Pillowy, Soft Mochi! The Two Neighboring Japanese Confectioneries: Sakura-Ya and Chikara Mochi



Nice stuff @Chowseeker1999

How are these compared to Fugetsu-Do peanut butter mochi?

You knocked this out of the ballpark, @Chowseeker1999! Maybe the best tactic is to follow your lead and buy a small sampling from each shop, so you can admire Chikara’s unparalleled artistry and revel in Sakura-Ya’s delicious wagashi (Japanese sweets).

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I haven’t tried the Peanut Butter at Fugetsu-Do before LOL. I’ll put it on my list of things to do. :wink: Thanks.

Hi @MaladyNelson,

Thanks. :slight_smile: Yah, they’re only a few doors down from each other, but definitely give both a try and see which one you like more. :slight_smile:

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I swear that the Sawtelle Nijiya once had Sakura-Ya mochi a few yrs a back. I bought a pack and that they were the most delicious filled mochi I’ve ever had (so delicate, fluffy, and soft). I’ve never seen them again there. :frowning: Maybe I should visit the shop itself… :wink: Great report.

Oh, okay. Just a heads up, I liked the Fugetsu-Do way more than Mikiwaya, and Fugetsu-Do is way less in price. Also, Fugetsu-Do lady wraps the boxes up so amazing. hahaha, she is like a gift wrapping ninja.

I am in South Bay sometimes so I’ll check these spots out. My Japanese side of my family loves getting manju/mochi and I don’t ever recall them saying anything about these places, despite my family living in Gardena before. haha They have always gone to Fugetsu-Do for some reason. Weird.


You probably know this already but let me blather for those who might not. The gift wrapping ninja is from the old school. Not that younger generations don’t do it (they definitely know of it), but that practice is engrained in the psyche of those who were less modernized/westernized. Presentation is so frickin’ essential etiquette in this culture that not to enhance the gift, purchase or meal - what ever - with some form of wrap is almost insulting.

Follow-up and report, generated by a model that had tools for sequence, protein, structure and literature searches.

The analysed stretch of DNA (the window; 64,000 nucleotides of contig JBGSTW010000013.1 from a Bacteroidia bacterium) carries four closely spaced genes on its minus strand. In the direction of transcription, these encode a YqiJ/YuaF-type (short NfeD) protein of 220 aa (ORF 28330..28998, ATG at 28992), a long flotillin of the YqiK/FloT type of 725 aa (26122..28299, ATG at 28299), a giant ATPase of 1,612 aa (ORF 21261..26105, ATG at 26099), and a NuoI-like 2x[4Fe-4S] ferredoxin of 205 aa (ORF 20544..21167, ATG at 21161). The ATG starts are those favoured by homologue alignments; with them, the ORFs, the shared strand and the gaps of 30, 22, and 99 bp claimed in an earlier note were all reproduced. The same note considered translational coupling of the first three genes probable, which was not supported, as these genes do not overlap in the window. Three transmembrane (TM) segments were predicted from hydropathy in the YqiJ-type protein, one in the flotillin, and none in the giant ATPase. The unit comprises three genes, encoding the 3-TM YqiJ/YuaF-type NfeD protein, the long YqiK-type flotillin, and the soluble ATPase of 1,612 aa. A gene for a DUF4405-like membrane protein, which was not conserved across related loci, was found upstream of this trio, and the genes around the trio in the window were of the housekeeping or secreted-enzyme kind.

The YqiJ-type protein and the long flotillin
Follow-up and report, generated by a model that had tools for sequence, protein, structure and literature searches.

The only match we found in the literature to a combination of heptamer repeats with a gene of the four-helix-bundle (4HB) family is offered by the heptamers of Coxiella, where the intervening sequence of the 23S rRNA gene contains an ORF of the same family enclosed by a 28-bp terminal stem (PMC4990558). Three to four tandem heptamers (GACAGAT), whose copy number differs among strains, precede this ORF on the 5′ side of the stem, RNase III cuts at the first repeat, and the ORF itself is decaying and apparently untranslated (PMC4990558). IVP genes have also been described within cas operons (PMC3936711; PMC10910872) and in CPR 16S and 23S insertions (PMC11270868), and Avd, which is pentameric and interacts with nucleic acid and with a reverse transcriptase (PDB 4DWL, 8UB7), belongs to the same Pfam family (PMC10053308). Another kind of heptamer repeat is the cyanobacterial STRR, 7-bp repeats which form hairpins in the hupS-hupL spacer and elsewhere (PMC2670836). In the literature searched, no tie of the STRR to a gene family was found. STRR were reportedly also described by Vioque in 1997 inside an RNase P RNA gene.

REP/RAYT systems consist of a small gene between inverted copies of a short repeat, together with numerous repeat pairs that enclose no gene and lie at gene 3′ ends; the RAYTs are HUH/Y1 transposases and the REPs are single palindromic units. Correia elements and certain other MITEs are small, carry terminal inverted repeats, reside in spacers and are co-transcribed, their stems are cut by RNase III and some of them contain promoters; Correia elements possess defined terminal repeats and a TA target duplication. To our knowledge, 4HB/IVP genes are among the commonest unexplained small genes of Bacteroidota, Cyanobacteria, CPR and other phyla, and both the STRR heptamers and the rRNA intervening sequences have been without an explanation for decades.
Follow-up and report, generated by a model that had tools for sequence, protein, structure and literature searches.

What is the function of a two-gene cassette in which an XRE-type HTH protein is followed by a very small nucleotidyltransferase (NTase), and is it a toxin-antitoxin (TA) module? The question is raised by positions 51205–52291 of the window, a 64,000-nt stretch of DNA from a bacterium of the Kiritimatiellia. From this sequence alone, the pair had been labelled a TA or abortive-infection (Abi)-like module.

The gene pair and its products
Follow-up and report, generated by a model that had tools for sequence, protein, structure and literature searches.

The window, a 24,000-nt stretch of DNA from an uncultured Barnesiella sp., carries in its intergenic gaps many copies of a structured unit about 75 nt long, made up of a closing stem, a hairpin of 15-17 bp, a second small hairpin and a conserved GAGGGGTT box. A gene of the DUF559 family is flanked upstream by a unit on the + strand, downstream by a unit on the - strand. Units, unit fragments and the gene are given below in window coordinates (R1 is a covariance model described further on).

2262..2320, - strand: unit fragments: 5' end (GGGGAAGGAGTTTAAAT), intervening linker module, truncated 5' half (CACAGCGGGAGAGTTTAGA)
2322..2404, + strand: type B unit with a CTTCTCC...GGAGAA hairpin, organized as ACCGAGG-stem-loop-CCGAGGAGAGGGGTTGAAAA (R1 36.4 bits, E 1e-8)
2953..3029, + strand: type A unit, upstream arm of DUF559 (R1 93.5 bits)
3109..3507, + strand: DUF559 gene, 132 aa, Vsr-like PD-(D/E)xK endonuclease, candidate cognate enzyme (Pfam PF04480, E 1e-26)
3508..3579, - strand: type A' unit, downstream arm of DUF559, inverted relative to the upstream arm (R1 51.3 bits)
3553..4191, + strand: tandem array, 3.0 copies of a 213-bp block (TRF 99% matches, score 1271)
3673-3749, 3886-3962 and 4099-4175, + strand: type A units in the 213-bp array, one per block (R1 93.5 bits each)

My first visit to Japan as a kid took me to a whole different world. The deh-paah-toh (department stores) were a shopper’s fantasy, and still are for the most part. Far more elevated in style and service than their US counterparts, I could not believe how shoppers were truly treated as guests.

I was only concerned about the mini-amusement parks that were on the rooftops of every deh-paah-toh (de rigueur back then - far more kids pre-90s). But the whole culture of being formally greeted at the entrance, being served so politely, and having all purchases wrapped in paper emblazoned with the store logo was expected by both customer and store. The ninja-ness which the sales women would wrap these purchases was amazing.

Counters that sell nothing but furoshiki - the precious cloth that is used to wrap and tie more formal gifts and bento - were common as well.

This practice evidently goes back to the Silk Road days, to protect fragile objects on the long arduous journeys that so many goods had to make. So presenting something in the furoshiki implies that whatever is being presented to the recipient is showing honor and respect to that person.